Mortgage finance is starting to improve for first time buyers with lenders offering small deposit mortgages and better mortgage rates.
First time buyers who have found themselves locked out of the property market by tough lending criteria and hefty deposits have been starting to give up hope of ever becoming homeowners.
In fact, recent findings from the Halifax show that nearly half of us believe that Britain will become a “nation of renters” within the next generation.
However, there are now signs that lenders are trying to tempt first time-buyers back into the market with higher loan-to-value (LTV) deals – which means smaller deposits – as well as lower mortgage rates.
Lenders loosening their criteria
Last week, Aldermore Bank unveiled a 100 per cent mortgage aimed at first time buyers and moves aged over 25.
The Family Guarantee Mortgage allows buyers without a deposit to purchase a house - as long as a relative guarantees any borrowing above 75 per cent of the property’s value with a charge on their own home.
The mortgage has a three-year fixed rate of 6.48 per cent and the maximum loan is £250,000. There is a completion fee of £999 and a non-refundable booking fee of £299.
The number of products available at 90 per cent LTV – which means you only need a 10 per cent deposit – has risen to the highest level for almost three years.
Plus, as more and more lenders move to offer deals that require smaller deposits, mortgage rates will be driven down further.
“There are more products available at higher LTVs than at any time since the credit crunch,” says Melanie Bien from broker Private Finance. “This means more choice and lower rates for borrowers, which is great news for those who have scraped together a modest deposit.”
Best buy deals with a 10 per cent deposit
For those who have been able to amass a 10 per cent deposit, Chelsea building society has a two-year fix at 4.39 per cent with a £195 fee, and Yorkshire building society has a three-year fix at 4.99 per cent with a £495 fee.
For those looking to fix for a little longer, Chelsea has a five-year fix at 5.39 per cent with a £195 fee.
Those who want a tracker could opt for HSBC’s deal pegged at 4.59 per cent over base (giving a rate of 5.09 per cent for the term); this comes with no fee or early repayment charges, which means borrowers could move to a fix when interest rates rise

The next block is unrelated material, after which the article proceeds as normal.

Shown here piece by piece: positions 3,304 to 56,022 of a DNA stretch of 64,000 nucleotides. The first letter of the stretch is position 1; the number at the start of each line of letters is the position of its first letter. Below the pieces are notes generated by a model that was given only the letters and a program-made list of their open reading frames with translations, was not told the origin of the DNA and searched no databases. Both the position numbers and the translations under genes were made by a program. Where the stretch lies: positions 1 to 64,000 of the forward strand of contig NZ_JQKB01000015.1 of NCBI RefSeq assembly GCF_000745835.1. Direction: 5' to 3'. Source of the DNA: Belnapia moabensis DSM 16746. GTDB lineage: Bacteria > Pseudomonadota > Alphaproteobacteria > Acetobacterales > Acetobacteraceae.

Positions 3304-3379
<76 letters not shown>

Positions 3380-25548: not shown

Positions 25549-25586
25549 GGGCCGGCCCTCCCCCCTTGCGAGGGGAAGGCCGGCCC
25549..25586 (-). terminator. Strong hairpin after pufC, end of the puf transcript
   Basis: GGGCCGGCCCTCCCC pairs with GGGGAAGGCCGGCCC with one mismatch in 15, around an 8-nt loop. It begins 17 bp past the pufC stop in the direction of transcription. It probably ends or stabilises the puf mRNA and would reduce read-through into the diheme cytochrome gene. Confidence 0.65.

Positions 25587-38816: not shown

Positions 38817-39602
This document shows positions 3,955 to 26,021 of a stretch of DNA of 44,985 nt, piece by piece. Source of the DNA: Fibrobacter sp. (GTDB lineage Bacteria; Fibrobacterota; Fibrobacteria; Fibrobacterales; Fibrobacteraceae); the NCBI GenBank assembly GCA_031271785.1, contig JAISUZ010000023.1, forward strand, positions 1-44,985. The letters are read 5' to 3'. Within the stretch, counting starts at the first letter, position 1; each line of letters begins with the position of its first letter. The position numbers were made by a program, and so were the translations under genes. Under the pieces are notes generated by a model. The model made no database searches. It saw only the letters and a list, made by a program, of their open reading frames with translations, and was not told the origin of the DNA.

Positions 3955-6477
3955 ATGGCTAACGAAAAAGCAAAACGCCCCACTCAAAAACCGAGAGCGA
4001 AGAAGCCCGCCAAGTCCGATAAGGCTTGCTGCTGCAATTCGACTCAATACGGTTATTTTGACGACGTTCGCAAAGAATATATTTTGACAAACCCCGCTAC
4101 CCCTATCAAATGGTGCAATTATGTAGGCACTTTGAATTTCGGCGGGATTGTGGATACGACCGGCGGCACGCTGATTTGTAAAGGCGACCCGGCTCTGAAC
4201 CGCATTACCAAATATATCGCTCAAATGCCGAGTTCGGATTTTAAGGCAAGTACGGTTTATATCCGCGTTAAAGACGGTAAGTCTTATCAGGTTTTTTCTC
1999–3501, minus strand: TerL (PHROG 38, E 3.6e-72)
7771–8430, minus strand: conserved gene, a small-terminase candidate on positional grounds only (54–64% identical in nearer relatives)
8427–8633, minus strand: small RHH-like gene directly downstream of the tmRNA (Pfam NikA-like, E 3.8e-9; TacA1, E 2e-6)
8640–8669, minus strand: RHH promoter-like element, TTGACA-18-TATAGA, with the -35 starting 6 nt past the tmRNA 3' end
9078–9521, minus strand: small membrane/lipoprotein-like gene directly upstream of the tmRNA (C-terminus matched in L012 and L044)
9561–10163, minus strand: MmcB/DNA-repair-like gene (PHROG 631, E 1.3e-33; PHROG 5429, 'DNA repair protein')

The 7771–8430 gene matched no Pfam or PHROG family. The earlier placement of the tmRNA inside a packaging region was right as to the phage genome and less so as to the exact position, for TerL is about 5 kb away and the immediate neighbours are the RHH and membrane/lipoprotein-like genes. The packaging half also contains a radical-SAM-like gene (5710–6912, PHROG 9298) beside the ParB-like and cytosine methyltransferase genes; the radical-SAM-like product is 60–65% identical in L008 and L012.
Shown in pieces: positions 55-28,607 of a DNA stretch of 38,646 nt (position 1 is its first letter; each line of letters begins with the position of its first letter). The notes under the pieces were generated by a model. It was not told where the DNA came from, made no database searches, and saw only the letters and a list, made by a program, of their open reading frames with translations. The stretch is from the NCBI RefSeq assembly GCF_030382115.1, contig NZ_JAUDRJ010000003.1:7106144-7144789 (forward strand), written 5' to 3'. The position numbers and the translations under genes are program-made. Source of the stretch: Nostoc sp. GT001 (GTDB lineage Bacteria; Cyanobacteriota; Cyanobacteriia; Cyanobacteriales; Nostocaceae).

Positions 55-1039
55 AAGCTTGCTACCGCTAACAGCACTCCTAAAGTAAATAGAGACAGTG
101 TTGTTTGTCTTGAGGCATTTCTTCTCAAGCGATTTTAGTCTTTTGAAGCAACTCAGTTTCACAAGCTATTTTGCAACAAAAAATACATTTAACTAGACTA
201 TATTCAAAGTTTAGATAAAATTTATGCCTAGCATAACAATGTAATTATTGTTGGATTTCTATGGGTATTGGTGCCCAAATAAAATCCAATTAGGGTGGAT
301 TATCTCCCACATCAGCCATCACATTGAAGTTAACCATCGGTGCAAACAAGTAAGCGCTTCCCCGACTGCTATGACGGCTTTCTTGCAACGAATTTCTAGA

What about those with a 5 per cent deposit?
In recent months, some lenders have even returned to the 95 per cent LTV range which means you only need a deposit of 5 per cent.
That said, you need to be aware that these products are still in relatively limited supply.
At present, “best buy” deals include a two-year fix from Skipton building society at 5.99 per cent with a £195 fee and a “stepped fixed” deal from the Cambridge building society at 5.29 per cent in the first year, rising to 6.49 per cent for the remaining four years; this comes with a £599 fee.
Further, we are now even seeing a return to deals at 100 per cent LTV – which means no deposit is required.
“Northern Bank, based in Northern Ireland, is offering a deal at 100 per cent LTV to account holders,” says Bien.
“This means those without parental assistance or savings may now be able to buy their first home.”
Clean credit record is crucial
While all of this is positive for first time buyers, remember that your credit history still has a big part to play.
“Credit scoring is still tougher for those with small deposits than it is for those with, say, a 25 per cent down-payment,” says Bien. “This is because these borrowers are regarded as being higher risk.”
This is a view shared by Nick Leeming from property website, Zoopla.co.uk.
“Qualifying criteria on higher LTV products borders on the draconian, and aren’t appropriate to the financial hardships afflicting first time buyers,” he adds.
Richard Sexton from chartered surveyors, e.surv.co.uk also points out that deals which require a smaller deposit can be more expensive than those which require a bigger deposit.
“There is a discernible gulf between interest rates on low LTV deals, which are tantalisingly cheap, and the more restrictive rates on deals at 90 per cent LTV and above,” he says.
Outlook is brighter
Nonetheless, there are signs that the frozen mortgage market is beginning to thaw, with encouraging figures from the Council of Mortgage Lenders (CML) showing that June saw the highest number of mortgages taken up by first-time buyers in 10 months.
According to its figures, the average deposit paid by a first time buyer stood at 20 per cent – higher than the historic norm of 10 per cent, but lower than the 25 per cent seen throughout 2009.
This suggests that things are slowly starting to move in the right direction – although if you’re serious about taking the first step, the key right now is to carry on saving hard to scrape together the biggest deposit you possibly can.
All deals quoted correct at time of publication
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